An evocative portrait of New York City in the 1940s and 1950s by master documentary photographer Todd Webb
I See a City: Todd Webb’s New York focuses on the work of photographer Todd Webb produced in New York City in the 1940s and 1950s. Webb photographed the city day and night, in all seasons and in all weather. Buildings, signage, vehicles, the passing throngs, isolated figures, curious eccentrics, odd corners, windows, doorways, alleyways, squares, avenues, storefronts, uptown, and downtown, from the Brooklyn Bridge to Harlem.
The book is a rich portrait of the everyday life and architecture of New York. Webb’s work is clear, direct, focused, layered with light and shadow, and captures the soul of these places shaped by the friction and frisson of humanity.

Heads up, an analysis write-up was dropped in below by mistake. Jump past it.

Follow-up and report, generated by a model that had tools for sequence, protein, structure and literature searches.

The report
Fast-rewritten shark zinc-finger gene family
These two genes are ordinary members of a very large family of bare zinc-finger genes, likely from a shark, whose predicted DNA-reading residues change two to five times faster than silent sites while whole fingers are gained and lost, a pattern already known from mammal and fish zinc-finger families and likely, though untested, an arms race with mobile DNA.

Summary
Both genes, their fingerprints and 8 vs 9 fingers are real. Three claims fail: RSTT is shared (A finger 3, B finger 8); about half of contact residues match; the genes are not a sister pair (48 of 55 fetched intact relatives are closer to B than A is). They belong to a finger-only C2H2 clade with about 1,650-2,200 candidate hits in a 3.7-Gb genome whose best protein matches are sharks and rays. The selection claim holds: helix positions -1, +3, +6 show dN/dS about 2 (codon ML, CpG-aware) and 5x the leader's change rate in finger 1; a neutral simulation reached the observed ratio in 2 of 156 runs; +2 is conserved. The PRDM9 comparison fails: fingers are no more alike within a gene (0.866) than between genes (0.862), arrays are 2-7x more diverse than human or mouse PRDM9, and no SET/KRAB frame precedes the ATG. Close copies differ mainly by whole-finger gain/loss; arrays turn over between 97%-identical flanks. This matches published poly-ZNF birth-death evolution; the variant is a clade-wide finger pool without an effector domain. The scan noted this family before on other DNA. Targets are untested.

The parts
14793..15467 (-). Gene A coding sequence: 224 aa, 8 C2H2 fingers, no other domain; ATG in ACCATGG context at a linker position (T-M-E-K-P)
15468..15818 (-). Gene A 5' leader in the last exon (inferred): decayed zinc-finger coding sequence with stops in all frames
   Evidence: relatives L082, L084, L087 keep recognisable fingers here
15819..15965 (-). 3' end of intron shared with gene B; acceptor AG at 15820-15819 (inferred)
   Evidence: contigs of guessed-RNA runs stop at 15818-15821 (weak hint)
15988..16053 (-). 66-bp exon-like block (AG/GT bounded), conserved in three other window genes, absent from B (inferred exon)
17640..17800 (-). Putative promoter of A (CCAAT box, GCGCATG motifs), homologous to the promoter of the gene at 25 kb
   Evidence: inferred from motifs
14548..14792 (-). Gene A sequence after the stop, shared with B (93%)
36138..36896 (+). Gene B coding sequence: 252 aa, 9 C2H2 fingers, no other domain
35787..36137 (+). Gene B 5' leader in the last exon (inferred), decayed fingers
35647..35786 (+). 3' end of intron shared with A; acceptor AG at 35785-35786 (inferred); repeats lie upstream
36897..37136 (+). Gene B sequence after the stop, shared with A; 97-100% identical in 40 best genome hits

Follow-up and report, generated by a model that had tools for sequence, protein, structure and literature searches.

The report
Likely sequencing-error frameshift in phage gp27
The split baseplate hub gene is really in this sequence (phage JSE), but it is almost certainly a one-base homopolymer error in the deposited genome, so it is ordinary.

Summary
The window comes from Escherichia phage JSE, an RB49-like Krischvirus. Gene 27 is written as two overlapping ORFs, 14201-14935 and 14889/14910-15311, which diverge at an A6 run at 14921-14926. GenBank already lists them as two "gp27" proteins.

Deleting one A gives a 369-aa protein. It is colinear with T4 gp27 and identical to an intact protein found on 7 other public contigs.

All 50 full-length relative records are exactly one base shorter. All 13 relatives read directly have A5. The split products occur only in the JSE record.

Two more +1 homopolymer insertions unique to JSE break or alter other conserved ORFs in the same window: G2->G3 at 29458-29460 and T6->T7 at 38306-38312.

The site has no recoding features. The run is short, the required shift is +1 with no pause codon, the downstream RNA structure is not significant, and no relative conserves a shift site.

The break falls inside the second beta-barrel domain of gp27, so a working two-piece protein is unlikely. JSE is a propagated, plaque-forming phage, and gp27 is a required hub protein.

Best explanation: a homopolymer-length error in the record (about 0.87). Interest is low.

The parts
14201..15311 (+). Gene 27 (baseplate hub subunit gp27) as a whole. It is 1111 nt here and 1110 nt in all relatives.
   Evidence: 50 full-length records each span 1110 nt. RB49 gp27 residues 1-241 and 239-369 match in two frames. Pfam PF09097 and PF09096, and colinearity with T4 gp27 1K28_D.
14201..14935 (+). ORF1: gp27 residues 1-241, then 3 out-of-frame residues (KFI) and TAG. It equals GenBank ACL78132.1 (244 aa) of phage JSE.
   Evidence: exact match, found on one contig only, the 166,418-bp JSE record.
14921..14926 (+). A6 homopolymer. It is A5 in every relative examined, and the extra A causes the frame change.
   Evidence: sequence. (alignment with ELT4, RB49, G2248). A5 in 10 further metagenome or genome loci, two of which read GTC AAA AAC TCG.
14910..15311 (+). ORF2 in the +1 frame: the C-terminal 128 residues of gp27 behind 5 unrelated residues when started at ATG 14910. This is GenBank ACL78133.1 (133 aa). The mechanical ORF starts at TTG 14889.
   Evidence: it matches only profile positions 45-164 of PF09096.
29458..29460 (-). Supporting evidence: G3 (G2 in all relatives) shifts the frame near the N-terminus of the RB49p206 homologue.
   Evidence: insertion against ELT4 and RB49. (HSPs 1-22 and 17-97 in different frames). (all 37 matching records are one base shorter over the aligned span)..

A native of Detroit, Webb studied photography in the 1930s under the guidance of Ansel Adams at the Detroit Camera Club, served as a navy photographer during World War II, and then went on to become a successful postwar photographer. His work is in many museum collections, including the Museum of Modern Art in New York and the National Gallery of Art in Washington.
Published on the occasion of the exhibition Todd Webb’s New York at the Museum of the City of New York, where Webb had his first solo exhibition in 1946, this book helps restore the reputation and legacy of a forgotten American artist.
|Publisher:||Thames & Hudson|
|Product dimensions:||9.90(w) x 11.70(h) x 0.90(d)|
About the Author
Todd Webb was an American photographer.
Sean Corcoran is the Curator of Prints and Photographs at the Museum of the City of New York.
Daniel Ockrent is an American writer and editor.
Betsy Evans Hunt has managed the Todd Webb Archive for 25 years. She is a graduate of the Sotheby’s American Art course, and has managed and catalogued other collections, most notably as Robert Mapplethorpe’s studio manager (1981-83) and at The Addison Gallery of American Art.